(Tamra Hunt pictured left.)

The Season is Over… or is it?

SCCA SOLO National champion Tamra Hunt shares recommendations for staying sharp in the off season (while enjoying and relaxing during the Christmas holiday).

The racing season is over, your car is tucked away in the garage, and you’re bundled up for the long, cold winter ahead (if you’re most of us, at least). Your attention drifts to other things, such as projects around the house, winter sports, holidays, and movies on the couch. Meanwhile, your racing skills are getting rusty.

So what can racers do during the off season to keep their skills sharp? Last winter, I experimented with sim racing and found that it had a huge impact with jump starting my season. In the spring, instead of taking a few events to “warm up” and “knock the rust off,” I felt like I hit the ground running, and, possibly, was a better driver than I ended the previous season.

There are a few sim racing games that are popular, such as iRacing (which has actual tracks around the country) and Live for Speed (LFS has an autocross specific part to it). While you may not get all of the sensory experience of racing a real car (G forces are huge), it helps you tune into the more sensitive aspects, such as listening for tire squeal or feeling the pressure in the steering wheel resisting your hands (assuming you get a force feedback steering wheel). You can also experiment with new driving techniques without fear of damaging your real car.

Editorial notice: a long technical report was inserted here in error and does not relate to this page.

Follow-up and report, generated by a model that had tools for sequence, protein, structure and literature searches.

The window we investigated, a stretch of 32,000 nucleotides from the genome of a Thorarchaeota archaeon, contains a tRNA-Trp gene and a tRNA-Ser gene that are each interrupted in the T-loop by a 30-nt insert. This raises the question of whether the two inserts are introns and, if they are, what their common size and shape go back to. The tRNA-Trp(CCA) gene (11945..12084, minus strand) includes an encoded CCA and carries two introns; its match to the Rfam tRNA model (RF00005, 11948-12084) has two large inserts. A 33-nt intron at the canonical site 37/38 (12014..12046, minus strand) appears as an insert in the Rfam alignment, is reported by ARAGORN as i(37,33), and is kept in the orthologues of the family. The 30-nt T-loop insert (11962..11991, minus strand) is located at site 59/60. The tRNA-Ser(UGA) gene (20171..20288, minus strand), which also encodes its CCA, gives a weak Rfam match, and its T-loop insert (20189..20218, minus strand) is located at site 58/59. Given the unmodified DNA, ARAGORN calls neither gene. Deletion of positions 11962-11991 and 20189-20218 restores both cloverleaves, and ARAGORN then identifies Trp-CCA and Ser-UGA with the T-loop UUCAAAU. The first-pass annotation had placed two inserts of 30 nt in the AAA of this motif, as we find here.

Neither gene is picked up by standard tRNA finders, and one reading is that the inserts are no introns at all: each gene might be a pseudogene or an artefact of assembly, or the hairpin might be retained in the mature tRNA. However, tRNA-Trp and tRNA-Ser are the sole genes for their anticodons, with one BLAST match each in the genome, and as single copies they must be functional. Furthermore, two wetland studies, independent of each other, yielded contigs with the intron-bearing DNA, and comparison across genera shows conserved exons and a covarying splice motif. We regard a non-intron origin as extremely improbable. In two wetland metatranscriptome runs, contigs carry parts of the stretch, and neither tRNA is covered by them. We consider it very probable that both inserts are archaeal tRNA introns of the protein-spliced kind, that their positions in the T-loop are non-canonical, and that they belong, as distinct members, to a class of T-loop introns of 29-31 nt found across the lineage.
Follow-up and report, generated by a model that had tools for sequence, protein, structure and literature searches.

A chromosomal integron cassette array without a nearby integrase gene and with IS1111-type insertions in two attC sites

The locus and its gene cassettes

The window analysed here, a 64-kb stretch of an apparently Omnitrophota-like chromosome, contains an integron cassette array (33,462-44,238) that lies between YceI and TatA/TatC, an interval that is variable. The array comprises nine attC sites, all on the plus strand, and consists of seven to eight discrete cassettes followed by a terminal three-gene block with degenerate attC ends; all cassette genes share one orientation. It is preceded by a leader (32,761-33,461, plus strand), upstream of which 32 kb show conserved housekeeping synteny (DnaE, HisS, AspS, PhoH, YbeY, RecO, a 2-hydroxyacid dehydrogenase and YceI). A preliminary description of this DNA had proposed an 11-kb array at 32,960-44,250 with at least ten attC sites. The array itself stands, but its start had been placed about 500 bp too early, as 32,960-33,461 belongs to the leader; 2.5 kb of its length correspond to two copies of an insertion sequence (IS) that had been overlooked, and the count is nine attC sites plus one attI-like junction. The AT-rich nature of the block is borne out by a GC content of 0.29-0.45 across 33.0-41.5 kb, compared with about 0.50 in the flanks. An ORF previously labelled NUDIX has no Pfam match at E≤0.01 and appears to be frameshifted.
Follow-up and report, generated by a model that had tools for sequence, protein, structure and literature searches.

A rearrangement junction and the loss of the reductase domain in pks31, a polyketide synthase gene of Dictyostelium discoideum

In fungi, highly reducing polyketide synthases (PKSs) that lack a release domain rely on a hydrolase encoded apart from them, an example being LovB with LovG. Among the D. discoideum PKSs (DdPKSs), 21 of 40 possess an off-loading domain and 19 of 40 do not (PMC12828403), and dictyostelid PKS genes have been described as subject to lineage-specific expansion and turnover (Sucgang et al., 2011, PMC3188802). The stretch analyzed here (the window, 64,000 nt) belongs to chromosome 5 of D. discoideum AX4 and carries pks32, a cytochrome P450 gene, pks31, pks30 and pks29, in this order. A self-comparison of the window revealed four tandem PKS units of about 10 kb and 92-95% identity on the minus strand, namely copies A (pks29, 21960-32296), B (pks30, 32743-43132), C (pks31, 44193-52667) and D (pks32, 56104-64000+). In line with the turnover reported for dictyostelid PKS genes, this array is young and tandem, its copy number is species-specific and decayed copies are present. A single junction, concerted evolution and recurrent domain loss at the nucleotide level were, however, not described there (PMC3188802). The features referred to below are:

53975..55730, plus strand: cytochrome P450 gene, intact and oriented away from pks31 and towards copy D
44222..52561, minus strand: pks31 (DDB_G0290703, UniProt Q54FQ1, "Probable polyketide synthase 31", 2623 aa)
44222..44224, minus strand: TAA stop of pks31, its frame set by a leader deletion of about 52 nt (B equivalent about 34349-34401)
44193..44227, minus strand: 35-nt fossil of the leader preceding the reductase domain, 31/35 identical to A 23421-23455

I regularly picked a rear-engine car to hone my skills at catching a loose car (a car that tends to over-steer). The other bonus of sim racing is that although there is an upfront cost to get the equipment, after that it’s nearly free for as much “seat time” as you want.

For a great video on how much sim racing can benefit you, check out this video (https://www.youtube.com/watch?v=YIJ0X28pMRg) on Mazda’s Road to 24 Shootout where the final qualifiers discuss how beneficial iRacing was in their driver development.  Pablo Lopez was really impressive (he had only run sim racing – never raced a real car) jumping into a 2016 MX-5 Cup car at NOLA Motorsports Park as an MRT24 finalist!

If you’re not into computer games, another option is go-karting. Across the country there are many fantastic go-karting facilities (hint: not at places that also offer mini-golfing). Many places offer karts that can go up to 40mph (some places faster; some places slower) on realistic tracks with tire barriers for safety. You can practice your lines, braking zones, passing, and more. Sometimes you can even join a league. You do pay per race at places like these, so if you go frequently it will end up costing more than a sim set up in the long run.

Finally, although next season feels far away, winter is the best time to do off-season prep and maintenance on your race car. Pick up a heater for the garage, make a list, and plan out your work so your car can be ready when the season starts back up in the spring. Stay warm everyone!

See More Advice from Tamra Hunt